Pyotr Rodionov, the General Director of GEROPHARM company, in his speech emphasized the need for coordination of actions between all industry regulators to ensure the best conditions for a qualitative breakthrough. “Today we have to solve a key problem: to find a balance of interests between two fundamental strategies that will determine the future of the Russian pharmacy; PHARMA-2020 strategy and the strategy of drug provision for the population of the Russian Federation until 2025,” said Pyotr Rodionov. As being a company-investor, Geropharm invests heavily in cluster projects; it invests in research activities, builds a modern GMP manufacturing infrastructure, which meets the objectives of the federal strategy. If you take a close look at the drug provision strategy, you can see the term “good pharmaceutical procurement (GPP)” introduced there, which is very important, since not only manufacturing process and drug quality control should have clear, distinct and transparent regulations and requirements, but also the state procurement process.
This idea was supported by other speakers. A good pharmaceutical procurement (GPP) based on the principles of transparency and efficiency will comply with the recommendations of WHO for the purposes of drug safety of the country. First of all, good pharmaceutical procurement implies pharmaceutical procurement to be performed according to INN, rather than to drug trade names; making any lists of the drugs to be procured on the basis of their trade names contradicts the provisions of GPP and spirit of PHARMA-2020 strategy. Dmitriy Morozov, the General Director of BIOKAD company, in his speech said that making such lists is of interest for foreign pharmaceutical manufacturers who need a guaranteed sales market. But the whole world (and Russia is not an exception) is on the way to optimize health care costs, including the costs for pharmaceutical procurement, and such tendency implies the purchaser to give preference to domestic manufacturers with the same levels of quality, efficacy and safety of a drug, who objectively providing the best price. It is possible with the current level of development of domestic pharmaceutical industry.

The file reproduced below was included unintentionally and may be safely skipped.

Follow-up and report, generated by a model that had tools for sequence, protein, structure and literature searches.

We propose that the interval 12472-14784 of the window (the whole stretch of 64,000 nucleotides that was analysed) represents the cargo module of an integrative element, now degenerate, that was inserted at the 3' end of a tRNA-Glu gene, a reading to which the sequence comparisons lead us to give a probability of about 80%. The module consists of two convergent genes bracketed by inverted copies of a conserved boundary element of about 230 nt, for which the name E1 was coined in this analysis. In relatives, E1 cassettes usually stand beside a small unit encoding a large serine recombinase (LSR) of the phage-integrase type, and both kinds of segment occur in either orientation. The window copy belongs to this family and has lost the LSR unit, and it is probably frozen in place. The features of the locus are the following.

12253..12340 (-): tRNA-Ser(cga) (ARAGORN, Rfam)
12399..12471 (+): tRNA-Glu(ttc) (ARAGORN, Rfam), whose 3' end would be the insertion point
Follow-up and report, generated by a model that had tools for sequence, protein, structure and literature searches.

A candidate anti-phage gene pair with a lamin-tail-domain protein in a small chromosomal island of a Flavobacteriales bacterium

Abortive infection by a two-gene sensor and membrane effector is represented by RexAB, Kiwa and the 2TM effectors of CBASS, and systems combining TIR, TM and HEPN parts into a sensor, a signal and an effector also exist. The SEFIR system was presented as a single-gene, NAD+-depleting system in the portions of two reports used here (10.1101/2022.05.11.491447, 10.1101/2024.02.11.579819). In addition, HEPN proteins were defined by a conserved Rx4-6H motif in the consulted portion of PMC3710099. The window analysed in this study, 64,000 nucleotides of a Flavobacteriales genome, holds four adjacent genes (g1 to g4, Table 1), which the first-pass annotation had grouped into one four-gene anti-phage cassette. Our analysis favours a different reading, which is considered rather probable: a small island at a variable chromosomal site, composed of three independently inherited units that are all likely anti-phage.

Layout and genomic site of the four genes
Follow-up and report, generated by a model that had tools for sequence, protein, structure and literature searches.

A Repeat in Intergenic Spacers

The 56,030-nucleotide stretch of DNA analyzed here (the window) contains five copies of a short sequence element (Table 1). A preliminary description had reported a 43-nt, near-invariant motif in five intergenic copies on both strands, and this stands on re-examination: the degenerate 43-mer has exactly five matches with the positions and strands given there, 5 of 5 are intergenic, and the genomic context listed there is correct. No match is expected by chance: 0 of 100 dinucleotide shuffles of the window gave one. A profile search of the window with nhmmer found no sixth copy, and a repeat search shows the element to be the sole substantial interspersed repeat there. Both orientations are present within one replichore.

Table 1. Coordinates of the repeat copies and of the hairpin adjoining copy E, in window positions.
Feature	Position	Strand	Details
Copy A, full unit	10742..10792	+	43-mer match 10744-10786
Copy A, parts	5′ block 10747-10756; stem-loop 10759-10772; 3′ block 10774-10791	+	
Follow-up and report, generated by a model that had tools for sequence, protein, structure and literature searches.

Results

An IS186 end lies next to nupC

The same question was raised by Andrey Ivashchenko, the Chairman of the Board of Directors at KhimRar, High Technology Centre, who noted that a rapid development of science in developing countries will result in decrease in clinical trials to prove bioequivalence of drugs and increase in use of more advanced laboratory techniques to prove equivalence of molecules. Thus, achievements of science not only solve the ethical problem, reducing the number of human trials, but also contribute to reduction of access barriers to the market for innovative drugs losing their patent protection, which directly contributes to availability of drugs for the population. That is why, while copying the regulatory systems of the developed countries, we should not face the situation there are copied and preserved outdated approaches and standards of regulation in Russia, which will not only significantly inhibits innovative development of local manufacturers and modernization of the industry, but also increases the burden on the budget of the Russian Federation in terms of drug provision. The same idea was continued in the thematic section on development of biopharmaceutical clusters by Zakhar Golant, the chairman of Non-commercial Partnership, Medical and Pharmaceutical Projects. XXI Century. “All the world's major regulators agree that the biosimilars should be treated more carefully than the chemical analogues, generics. However, there is a great difference between biopharmaceuticals being on the market for several decades, with large volumes of clinical data, including replacement of therapy by these drugs of different trade names for the same patients (e.g. insulins). And procurement practice in Russia confirms this in all the regions. And biopharmaceuticals just released from patent protection, without preliminary facts of replacement therapy by other trade names of the same therapeutic purpose. In these cases, for their registration and access to the market regulator may require series of requisite clinical trials. And the problem of interchangeability with original drugs in this case is solved prior to registration of biosimilars, rather than after it.”